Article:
FOR every footstep taken on a Dorset beach, there are two pieces of litter.

The tide of litter appears to be increasing, posing not only a health hazard and putting off visitors, but also posing a danger to marine wildlife.

It is estimated that more than 100,000 marine animals die every year from entanglement or ingestion of plastics, discarded on beaches or at sea.

Now, with the help of volunteers, the National Trust aims to stem the tide of unsightly pollution on the south-west’s beaches with a mass clean-up.

From April 2 - 10, staff and hundreds of volunteers are giving a spring clean to 27 beaches including Brownsea Island and Studland.

The trust looks after 716 miles of coastline in the south-west and each beach clean costs an estimated £400.

This is the fourth annual NT beach clean, which began in 2008 when items including a sofa, Japanese crisps and medical drip feed bags were discovered on beaches.

The majority of the litter collected was marine waste but more than 20 per cent came from beach users.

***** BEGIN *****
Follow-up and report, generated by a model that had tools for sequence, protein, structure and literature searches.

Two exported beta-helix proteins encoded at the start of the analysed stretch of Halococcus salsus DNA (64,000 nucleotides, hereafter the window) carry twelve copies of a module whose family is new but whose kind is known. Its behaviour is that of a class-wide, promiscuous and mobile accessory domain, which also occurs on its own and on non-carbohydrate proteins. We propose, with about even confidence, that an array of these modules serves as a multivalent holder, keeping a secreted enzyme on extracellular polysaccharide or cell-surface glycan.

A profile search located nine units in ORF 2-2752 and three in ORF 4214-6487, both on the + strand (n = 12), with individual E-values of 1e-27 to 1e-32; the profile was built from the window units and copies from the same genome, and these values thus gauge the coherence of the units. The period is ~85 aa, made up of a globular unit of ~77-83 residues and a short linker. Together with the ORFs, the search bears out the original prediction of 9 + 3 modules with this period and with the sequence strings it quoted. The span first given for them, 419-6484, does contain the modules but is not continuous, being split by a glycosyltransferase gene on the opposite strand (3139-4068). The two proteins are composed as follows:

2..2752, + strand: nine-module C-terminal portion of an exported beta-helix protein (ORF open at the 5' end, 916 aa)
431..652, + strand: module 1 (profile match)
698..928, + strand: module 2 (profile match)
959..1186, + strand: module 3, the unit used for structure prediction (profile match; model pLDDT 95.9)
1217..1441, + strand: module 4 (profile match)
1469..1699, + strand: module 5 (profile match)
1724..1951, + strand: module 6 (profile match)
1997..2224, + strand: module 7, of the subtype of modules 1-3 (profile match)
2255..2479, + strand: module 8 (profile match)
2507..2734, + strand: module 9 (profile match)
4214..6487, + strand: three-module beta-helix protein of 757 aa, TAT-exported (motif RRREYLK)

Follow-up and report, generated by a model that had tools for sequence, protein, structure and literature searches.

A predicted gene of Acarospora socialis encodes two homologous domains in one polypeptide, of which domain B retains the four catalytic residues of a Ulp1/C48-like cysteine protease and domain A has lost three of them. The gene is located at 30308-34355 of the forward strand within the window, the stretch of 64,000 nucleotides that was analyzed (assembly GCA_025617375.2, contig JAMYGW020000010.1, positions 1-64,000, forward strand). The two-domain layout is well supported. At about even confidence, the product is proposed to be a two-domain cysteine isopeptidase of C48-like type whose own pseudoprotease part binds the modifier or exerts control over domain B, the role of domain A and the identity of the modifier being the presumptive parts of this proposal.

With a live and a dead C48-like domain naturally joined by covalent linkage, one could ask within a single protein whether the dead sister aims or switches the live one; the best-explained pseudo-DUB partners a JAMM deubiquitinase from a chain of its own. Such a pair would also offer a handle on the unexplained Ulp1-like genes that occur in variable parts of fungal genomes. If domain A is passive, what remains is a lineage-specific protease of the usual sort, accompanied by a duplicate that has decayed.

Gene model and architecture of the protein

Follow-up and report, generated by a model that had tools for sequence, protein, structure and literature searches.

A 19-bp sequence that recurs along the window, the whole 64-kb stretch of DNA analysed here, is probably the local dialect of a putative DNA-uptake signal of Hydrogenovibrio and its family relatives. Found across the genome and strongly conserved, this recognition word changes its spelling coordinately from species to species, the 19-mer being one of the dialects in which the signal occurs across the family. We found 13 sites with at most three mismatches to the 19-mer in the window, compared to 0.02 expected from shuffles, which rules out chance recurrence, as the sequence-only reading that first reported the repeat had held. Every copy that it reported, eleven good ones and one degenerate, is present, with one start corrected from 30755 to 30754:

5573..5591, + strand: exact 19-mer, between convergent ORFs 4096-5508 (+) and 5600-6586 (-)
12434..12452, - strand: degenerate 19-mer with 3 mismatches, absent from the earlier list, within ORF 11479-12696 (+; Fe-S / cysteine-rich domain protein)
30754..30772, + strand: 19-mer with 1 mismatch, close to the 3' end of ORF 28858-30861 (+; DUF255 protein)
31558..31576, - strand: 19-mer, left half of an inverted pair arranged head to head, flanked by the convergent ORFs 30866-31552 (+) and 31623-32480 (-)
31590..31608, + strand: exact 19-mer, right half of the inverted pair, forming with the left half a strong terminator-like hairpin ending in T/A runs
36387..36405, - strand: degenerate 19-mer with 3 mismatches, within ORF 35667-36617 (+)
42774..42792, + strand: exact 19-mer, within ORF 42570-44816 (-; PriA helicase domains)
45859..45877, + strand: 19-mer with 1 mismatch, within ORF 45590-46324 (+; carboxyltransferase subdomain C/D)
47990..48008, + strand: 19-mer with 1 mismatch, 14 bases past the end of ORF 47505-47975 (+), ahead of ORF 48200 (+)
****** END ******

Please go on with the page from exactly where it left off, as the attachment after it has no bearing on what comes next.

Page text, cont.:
Previous beach cleans found items from the grounded Napoli at Branscome Beach, Devon washed up along the Purbeck coast and as far as Bournemouth.

Phil Dyke, NT coast and marine adviser based in the south-west, said: “This is the first major beach clean of the season and certainly one of the largest.

“It’s essential we wait until this time as generally the worst of the winter storms are over and to ensure our beaches are looking their best in time for our Easter visitors.”

Rangers are expecting that various types of plastics will provide the greatest volume of litter.